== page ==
The No B.S. blog about Travel, Writing and Life

The Blind Submission

When spring is in full bloom I can expect to start getting lots of submissions. There must be something about new warmth and clear skies that inspire people to share their travels with the world. To me, this is a good thing. This week I received almost 25 new submissions about magical places worldwide, which, I am sure, we should all travel to.

Most of the submissions start with something like Dear Devin or Hey Dev or Hi ITKT or Dear In The Know Traveler Editor. One began “Wazzup!” and another just “ditor,” (A first for me where a submission’s very first word was misspelled – Brilliant! I will try not to hold it against the writer, promise.). All of these openings are fine by me.

However, the ones that open with just a “Hello” or “Sir/Madam” tip me to look at who the email was addressed. When I do, I am never surprised to discover “undisclosed recipients” or the senders email address in the “to:” section of the email. When I see this, I know I have just received a blind submission.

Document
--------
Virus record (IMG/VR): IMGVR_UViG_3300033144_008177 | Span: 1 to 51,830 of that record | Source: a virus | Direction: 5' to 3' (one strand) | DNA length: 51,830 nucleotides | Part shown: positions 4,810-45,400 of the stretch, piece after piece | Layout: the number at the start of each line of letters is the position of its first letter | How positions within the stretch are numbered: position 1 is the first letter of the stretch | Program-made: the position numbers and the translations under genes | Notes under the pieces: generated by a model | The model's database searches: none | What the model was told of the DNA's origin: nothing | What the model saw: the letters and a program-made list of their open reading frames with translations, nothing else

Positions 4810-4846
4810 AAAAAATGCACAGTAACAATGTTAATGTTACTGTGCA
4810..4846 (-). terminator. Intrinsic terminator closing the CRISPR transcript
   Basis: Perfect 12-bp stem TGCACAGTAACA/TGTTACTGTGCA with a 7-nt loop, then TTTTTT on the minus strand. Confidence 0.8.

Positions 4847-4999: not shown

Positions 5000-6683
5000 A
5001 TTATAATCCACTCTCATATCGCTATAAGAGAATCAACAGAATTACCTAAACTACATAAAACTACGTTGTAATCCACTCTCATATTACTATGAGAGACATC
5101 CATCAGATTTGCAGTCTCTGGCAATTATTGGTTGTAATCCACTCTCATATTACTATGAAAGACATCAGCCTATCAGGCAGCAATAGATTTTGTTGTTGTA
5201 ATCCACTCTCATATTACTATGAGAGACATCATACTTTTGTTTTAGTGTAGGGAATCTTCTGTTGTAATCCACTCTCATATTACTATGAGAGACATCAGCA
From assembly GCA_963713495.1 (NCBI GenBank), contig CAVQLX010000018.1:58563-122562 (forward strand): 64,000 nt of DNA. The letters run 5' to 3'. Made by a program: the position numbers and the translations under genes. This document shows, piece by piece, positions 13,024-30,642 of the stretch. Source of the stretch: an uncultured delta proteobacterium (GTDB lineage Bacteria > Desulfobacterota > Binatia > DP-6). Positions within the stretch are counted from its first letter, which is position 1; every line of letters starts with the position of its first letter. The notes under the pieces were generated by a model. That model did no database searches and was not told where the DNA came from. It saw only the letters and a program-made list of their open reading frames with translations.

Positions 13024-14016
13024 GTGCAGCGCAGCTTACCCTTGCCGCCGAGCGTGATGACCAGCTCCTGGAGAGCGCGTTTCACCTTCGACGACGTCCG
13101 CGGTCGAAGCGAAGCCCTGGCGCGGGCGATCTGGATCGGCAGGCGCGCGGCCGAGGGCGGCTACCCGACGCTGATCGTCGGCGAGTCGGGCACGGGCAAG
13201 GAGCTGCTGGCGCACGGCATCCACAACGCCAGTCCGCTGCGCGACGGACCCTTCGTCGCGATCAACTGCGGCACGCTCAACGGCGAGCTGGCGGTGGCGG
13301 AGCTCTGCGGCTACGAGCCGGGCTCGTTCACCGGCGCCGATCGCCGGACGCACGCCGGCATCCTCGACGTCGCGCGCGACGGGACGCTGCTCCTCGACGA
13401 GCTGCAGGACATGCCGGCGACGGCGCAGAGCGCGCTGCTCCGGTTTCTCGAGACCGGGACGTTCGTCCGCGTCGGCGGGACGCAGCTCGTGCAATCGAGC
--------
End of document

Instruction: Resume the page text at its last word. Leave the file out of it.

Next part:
A Blind Submissions is when a writer gathers a bunch of email addresses and sends off a completely generic request to be published in the hopes of playing a numbers game. Surely one out of these fifty editors will publish my story, right? While playing a numbers game may be a fast way to do things, it also lets the editor know that the writer is not looking to develop a long-term relationship or make an effort to write something that might fit into a specific publication.

Personally, as I have mentioned before in the Do Your Homework, I just delete the blind submissions and queries. It may sound harsh, but the technique of sending a single email to a bunch of random editors — who are all looking for something different — to sell something feels like spam. I know we are all looking for easier, faster ways to do things because we all have busy lives, but here is an opportunity to get an advantage over other writers with a little extra effort. I suggest read the publication before submitting and find out the names of the editors. And write an article directed toward a specific publication.

I am going to let you in on a little secret. Most editors are not looking for one great story. They are looking for reliable, consistent writers who will write many good stories in the future. So this spring, forget about the blind submissions and get to know your editors.

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